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Ethiopia

Omar Jaga: One of the "nowhere" schools of Djibouti

Simon Thacker's picture
Also available in: Français
        World Bank

Everyday more than 4,000 trucks carrying goods out of the ports of Djibouti-city head west towards Ethiopia. The route passes through a barren, austere landscape where temperatures can soar to 50c. The road is poor and the going laborious. About an hour out of the city, after miles of heat and emptiness, the road turns and a small schoolhouse appears.

Trucks, tankers, camels and salt all ply the Djibouti-Ethiopia trade corridor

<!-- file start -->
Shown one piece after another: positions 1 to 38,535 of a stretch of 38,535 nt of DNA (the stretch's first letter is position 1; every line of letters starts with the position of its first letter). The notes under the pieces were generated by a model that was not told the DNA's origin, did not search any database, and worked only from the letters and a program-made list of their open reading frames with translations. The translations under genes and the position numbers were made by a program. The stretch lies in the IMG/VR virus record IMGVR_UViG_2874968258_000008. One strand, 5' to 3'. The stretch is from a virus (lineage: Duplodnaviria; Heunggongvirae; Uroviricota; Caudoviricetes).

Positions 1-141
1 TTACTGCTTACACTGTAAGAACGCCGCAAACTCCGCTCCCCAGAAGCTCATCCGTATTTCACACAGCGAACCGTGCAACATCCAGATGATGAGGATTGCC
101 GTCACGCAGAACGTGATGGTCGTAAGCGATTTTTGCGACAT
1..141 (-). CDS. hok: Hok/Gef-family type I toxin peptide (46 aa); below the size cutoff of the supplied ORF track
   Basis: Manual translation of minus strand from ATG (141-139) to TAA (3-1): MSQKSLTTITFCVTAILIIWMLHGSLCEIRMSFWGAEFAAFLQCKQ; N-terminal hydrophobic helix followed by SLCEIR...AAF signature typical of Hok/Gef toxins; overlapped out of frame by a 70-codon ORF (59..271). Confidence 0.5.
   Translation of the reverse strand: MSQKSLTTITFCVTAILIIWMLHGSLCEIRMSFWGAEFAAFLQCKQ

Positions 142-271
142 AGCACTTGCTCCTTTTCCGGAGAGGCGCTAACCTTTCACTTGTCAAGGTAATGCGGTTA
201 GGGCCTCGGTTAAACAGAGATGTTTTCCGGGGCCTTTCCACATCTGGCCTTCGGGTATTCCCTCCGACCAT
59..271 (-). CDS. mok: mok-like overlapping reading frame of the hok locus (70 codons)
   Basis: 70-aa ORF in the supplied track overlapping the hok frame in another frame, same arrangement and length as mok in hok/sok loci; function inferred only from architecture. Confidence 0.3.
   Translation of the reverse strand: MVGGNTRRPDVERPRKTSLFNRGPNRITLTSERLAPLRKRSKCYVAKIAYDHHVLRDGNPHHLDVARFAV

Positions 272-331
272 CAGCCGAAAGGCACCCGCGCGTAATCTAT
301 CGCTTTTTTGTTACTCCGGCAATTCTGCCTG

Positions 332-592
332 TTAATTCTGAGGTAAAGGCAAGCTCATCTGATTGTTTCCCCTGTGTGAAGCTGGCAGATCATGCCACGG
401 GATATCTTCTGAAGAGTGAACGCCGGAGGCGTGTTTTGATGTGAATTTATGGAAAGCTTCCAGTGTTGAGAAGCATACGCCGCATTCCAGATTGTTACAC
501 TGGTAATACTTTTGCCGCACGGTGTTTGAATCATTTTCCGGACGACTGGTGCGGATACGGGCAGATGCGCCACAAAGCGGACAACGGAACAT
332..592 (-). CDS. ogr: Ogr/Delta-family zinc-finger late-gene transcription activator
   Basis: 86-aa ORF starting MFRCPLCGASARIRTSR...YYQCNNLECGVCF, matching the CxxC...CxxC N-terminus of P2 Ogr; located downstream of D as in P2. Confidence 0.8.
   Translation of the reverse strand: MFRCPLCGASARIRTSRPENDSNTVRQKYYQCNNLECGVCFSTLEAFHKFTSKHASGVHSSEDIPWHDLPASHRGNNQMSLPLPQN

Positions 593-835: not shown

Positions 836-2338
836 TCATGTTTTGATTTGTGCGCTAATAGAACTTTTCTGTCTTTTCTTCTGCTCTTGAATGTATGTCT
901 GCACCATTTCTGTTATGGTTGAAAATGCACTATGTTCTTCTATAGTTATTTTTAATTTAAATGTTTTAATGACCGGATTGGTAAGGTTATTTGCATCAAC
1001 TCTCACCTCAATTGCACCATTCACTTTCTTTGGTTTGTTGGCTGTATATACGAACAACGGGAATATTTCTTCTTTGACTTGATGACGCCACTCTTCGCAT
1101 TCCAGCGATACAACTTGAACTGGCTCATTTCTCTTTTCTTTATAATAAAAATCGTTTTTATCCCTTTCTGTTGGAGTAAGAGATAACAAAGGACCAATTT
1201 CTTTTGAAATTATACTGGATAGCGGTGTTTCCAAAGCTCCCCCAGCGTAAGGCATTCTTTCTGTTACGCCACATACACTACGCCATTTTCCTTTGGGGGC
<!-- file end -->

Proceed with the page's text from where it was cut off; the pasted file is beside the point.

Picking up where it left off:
Vincent Vesin's picture
Also available in: Français
We drove 140 miles across the Djibouti desert to the Ethiopian border to gain a better understanding of the flow of transported goods between the two countries. Djibouti depends on its deep sea port around which the Djibouti city built up over the centuries.  It is the closest and best equipped port for Ethiopia’s capital, Addis Ababa, which has no sea coast of its own.  Ethiopia has a population of around 90 million, exceeding that of any one country in Europe, while Djibouti has less than one million, fewer than Fairfax County, Virginia. Almost all of Djiboutians live in the port city.